Adrian urged policymakers to continue to provide near-term support to the global economy, even as they must simultaneously try to avoid the buildup of medium-term financial-stability risks.

“Policymakers should formulate action plans that would guard against unintended consequences. Monetary and fiscal policy support should be more targeted and tailored to the country’s specific circumstances, given the varying pace of the recoveries across countries. Central banks should provide clear guidance about the future approach to monetary policy and remain vigilant to avoid an unwarranted and abrupt tightening of financial conditions. If price pressures turn out to be more persistent than anticipated, they should act decisively to avoid an unmooring of inflation expectations. Policymakers should take early action and tighten selected macro prudential tools to target pockets of elevated vulnerabilities,” said Adrian.

In a context of higher price pressures, investors are now pricing in a rapid and fairly sharp tightening cycle for many emerging markets, although the increase in inflation is expected to be temporary.

“In emerging markets and frontier economies, policymakers should rebuild buffers and implement structural reforms. Some of those economies remain exposed to the risk of a sudden tightening in external financial conditions. Rebuilding buffers and implementing enduring reforms to boost structural growth prospects will be pivotal to cushion the adverse impact of capital flow reversals or an abrupt increase in financing costs,” said Adrian.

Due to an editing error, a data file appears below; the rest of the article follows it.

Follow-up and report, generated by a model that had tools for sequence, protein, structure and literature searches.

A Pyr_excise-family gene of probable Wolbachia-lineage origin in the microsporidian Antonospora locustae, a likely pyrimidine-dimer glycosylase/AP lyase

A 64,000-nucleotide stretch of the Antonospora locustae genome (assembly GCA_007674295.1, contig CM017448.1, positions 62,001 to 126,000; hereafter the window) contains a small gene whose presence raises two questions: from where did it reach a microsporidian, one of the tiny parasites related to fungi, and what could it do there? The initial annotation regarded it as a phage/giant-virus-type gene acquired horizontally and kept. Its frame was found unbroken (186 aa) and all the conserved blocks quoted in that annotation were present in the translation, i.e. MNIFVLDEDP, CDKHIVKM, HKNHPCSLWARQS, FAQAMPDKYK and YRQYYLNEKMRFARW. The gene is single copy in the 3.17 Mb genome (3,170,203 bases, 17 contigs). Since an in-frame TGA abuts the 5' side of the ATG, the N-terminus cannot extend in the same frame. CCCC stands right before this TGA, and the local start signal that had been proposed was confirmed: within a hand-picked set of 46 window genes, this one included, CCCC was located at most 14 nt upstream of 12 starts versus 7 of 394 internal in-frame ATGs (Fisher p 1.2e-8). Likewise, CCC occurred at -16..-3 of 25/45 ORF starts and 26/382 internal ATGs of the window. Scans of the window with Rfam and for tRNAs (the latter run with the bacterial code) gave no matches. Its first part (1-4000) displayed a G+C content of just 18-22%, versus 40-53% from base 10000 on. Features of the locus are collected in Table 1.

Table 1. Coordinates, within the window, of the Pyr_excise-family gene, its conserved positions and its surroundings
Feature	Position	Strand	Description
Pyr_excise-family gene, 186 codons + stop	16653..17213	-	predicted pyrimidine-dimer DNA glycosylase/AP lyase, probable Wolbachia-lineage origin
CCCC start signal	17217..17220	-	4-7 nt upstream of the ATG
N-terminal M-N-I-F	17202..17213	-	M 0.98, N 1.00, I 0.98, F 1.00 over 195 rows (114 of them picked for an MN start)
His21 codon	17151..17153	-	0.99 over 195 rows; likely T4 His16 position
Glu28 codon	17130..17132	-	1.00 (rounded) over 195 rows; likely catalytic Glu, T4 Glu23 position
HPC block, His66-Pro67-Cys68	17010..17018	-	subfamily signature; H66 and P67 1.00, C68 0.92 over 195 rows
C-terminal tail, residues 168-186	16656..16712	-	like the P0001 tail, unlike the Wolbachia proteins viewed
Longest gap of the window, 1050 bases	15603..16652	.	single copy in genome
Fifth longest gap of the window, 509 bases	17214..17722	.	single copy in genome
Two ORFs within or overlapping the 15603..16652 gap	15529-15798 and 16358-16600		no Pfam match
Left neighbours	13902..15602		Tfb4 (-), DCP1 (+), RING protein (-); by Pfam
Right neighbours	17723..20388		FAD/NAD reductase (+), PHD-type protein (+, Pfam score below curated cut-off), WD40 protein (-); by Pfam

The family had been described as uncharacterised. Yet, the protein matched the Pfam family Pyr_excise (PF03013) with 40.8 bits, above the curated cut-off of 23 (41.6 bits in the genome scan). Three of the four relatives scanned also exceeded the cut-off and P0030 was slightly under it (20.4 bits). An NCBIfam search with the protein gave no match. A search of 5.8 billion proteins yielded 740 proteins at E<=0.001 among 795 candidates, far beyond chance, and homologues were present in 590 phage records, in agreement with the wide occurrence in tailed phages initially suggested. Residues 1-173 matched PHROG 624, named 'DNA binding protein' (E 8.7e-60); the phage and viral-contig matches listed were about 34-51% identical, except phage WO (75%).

Adrian concluded his remarks by advising that now is the far-sighted policy action.

“With vulnerabilities intensifying and with policy support for economic growth having already been asserted to an unprecedented degree. This is a time for far sighted policy action. Policy action must be carefully crafted, aiming to avoid unintended consequences, which could put growth at risk, and which could lead to an abrupt adjustment in the financial market.” Said Adrian

Is the CEO/Founder of Investors King Limited. A proven foreign exchange research analyst and a published author on Yahoo Finance, Businessinsider, Nasdaq, Entrepreneur.com, Investorplace, and many more. He has over two decades of experience in global financial markets.